On a proposed European ban on tied products that could have captured guarantor mortgages: "I voted against, and worked with some of the larger UK lenders to explain how many people need savings-linked mortgages. It’s a matter of constantly having to explain the differences with the UK market."
On Europe and her approach to politics: "The EU and our relationship with it need radical reform, repatriation of decision-making and a referendum. I am committed to speaking out on issues and do not sit on the side lines."
Progress towards a directive was slow, and the onset of the financial crisis led the Commission to modify its earlier goal of encouraging the development of a European mortgage market. Its architects subsequently focused on drawing up pan-European rules to encourage responsible behaviour by lenders and borrowers. When the proposed directive was finally introduced in 2011, however, references to responsible lending and borrowing had been removed from its title, which now referred more generally to "credit agreements relating to residential property."
The next stage was for two separate European parliamentary committees – responsible for economic and monetary affairs (ECON), and internal markets and consumer protection (IMCO) – to scrutinise the proposed directive. Each committee appointed a rapporteur to oversee the process and express its view. The ECON committee’s rapporteur was the Spanish MEP, Antolin Sanchez Presedo, and his report proposed a radical new approach to the directive, with a strong emphasis on reinforcing consumer protection. Mrs Ford acted as a shadow rapporteur for the European Conservatives and Reformist (ECR) group of MEPs.
Q. Why did it take so long to get a directive that broadly fulfils the UK’s objectives?
"Most European legislation takes a long time because it involves 27 countries. There was a feeling that politicians from Spain and non-euro zone, eastern European countries were trying to solve the problems they had in domestic markets through European legislation.
"As negotiations continue, there may be many amendments and the rapporteur tries to bring these together. The negotiations go on until there is a Parliamentary position, and then there is a three-way negotiation – or trialogue – between the Parliament, Council and Commission.
"Antolin Sanchez Presedo is a Spanish socialist, and they have had terrible problems in Spain. But you do not solve these problems by a 'one size fits all' approach. There was also very strong lobbying from the German greens, who wanted all foreign currency mortgages banned.
"Many of us question whether we needed legislation at a European level. I do not think that regulating mortgage markets is a European competency. I want to see responsible lending but don’t think this can be achieved through trying to uphold pan-European standards or by encouraging a European market.
"Fundamentally, the EU should not try to harmonise mortgage markets when countries have such different property markets. Instead of clunky legislation, problems could have been dealt with by a few amendments to existing consumer credit and banking laws."
Q. How important was it to work collaboratively with others to get the right result?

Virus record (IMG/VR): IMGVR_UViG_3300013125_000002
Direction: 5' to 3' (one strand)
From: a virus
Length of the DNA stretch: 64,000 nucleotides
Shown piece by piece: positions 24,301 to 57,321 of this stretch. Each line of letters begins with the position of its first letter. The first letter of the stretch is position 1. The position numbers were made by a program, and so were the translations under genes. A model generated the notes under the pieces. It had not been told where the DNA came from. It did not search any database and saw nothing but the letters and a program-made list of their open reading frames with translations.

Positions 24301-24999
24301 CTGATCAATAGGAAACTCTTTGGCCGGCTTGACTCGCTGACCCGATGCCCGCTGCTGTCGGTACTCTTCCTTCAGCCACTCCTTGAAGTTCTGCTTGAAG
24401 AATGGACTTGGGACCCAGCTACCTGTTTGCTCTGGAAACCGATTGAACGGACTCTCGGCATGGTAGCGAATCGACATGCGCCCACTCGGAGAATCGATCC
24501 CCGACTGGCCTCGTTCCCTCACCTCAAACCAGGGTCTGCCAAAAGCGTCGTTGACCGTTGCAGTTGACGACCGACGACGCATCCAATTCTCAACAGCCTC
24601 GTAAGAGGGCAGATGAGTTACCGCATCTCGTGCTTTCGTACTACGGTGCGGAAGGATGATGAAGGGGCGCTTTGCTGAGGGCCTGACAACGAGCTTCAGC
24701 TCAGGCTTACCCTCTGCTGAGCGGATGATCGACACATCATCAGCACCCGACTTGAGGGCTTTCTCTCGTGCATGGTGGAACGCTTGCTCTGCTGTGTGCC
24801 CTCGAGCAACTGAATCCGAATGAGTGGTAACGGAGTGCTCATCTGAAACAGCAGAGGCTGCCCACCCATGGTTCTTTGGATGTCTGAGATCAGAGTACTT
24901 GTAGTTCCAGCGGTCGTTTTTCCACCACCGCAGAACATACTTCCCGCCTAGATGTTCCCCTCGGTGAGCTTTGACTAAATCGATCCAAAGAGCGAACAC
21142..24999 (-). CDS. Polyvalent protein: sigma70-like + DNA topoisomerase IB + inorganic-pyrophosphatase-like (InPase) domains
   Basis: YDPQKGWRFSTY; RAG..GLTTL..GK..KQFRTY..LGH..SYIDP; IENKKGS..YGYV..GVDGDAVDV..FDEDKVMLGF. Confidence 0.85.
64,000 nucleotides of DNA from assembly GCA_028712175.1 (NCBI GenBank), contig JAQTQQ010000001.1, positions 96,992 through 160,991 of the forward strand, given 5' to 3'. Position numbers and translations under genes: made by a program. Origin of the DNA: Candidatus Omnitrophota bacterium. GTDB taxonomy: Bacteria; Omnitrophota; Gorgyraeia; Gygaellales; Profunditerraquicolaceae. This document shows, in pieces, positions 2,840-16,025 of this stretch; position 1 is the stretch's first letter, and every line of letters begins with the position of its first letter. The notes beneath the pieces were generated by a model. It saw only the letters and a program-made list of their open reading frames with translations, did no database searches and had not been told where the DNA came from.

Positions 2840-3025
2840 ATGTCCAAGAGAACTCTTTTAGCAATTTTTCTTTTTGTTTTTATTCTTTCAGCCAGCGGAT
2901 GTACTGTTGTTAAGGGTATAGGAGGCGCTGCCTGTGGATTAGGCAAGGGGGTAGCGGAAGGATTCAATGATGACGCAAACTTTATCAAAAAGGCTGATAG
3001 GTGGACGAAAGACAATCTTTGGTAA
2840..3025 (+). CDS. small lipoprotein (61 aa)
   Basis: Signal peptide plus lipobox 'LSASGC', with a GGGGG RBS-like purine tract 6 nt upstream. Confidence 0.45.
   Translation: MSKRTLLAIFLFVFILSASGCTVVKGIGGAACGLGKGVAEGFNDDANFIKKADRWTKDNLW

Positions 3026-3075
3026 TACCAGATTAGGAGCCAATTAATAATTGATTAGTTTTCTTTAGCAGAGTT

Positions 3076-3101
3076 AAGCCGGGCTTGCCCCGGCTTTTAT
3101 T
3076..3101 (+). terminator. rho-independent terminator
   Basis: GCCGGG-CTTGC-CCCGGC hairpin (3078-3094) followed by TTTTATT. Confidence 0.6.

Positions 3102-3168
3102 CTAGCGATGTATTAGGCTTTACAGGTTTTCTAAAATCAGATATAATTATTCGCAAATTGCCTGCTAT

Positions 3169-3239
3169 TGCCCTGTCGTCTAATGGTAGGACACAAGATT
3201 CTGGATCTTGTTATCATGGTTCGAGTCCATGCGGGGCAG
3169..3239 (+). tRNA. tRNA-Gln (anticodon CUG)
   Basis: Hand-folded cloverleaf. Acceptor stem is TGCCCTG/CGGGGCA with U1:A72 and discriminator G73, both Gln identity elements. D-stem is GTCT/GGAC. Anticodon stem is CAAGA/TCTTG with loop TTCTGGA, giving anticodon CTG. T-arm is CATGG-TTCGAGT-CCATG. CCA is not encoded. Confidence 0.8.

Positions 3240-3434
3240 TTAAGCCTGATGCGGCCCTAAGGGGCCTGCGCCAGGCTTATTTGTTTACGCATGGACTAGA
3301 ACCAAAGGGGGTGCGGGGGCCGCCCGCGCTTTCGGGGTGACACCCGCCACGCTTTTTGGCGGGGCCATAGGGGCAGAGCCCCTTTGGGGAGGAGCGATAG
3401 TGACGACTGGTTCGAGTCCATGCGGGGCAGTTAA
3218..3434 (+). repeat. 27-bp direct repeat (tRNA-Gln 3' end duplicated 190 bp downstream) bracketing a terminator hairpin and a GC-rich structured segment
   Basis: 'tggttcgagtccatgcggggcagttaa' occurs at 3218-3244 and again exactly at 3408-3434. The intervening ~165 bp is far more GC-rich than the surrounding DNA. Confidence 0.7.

"You are never going to win if you don’t bring on board your allies. As well as working closely together with others in the UK, we made strong political alliances with like-minded centre-right politicians in counties like Belgium, Germany and Italy, who were also worried about European legislation adding unnecessary costs on the consumer.
"I think there has been a significant improvement in the way the UK Treasury works with MEPs since 2010. I was present in every single debate and negotiation, and tabled more than 130 amendments and 50 requests to delete unnecessary provisions. But the UKIP group (the Europe of Freedom and Democracy grouping of MEPs) have never been in with the negotiations on banking reform, and having an empty chair is very frustrating. The negotiations can go on for many months and you are the voice in the room."
Apart from the CARRP directive, Mrs Ford is currently working on a range of other issues affecting lenders. Writing in Banking 2020: A Vision for the Future – a New Economics Foundation book published last month – she outlines a number of changes she believes are necessary to UK rules.
Q. What else is emerging from Europe that lenders need to be aware of?
"I am shadow rapporteur on the capital requirements directive (CRD4), which is shaping the rules for banking reform. On this issue, it is vital that EU countries are not forced to go at the pace of the slowest. If my amendments are passed, then the new legislation will free up capital for lending to sectors crucial to growth and jobs, such as trade finance, lending to small and medium-sized businesses, and infrastructure finance. Reducing the regulatory capital banks need to hold against these vital and socially useful functions would rapidly free up cash for these projects.
"I have also proposed a number of measures regarding covered bonds. These are intended to help mortgage holders, investors and depositors. In some countries, these bond structures have been around for many decades, but the markets have ballooned massively since the financial crisis. We need to make sure that we learn the lessons of the disastrous US mortgage-backed securities market, and ensure that covered bonds don’t go the same way."
So, as work on the credit directive now finally draws to a close, there are still plenty of challenges ahead for Vicky Ford, as she divides her time between Brussels, Strasbourg (she continues to campaign for an end to "the Strasbourg two-seat circus") and Cambridge.
Q. Based on your experience, how do you see the UK’s relationship with Europe evolving?
"What we need to do is look at how we make the single market and trade work in a globally competitive world, but without over-regulating. But it is important for me to get home, to the family, to the constituency. I find that really helpful, getting back to my local community, who will remind me every time we are getting things wrong. They will tell me at Thursday night choir practice exactly what they think."
Like Vicky Ford, we are broadly pleased with the outcome on the CAARP directive, and acknowledge the benefits of working collaboratively on European issues. We look forward to continuing to work with her for a European framework that supports the interests of UK lenders and their customers.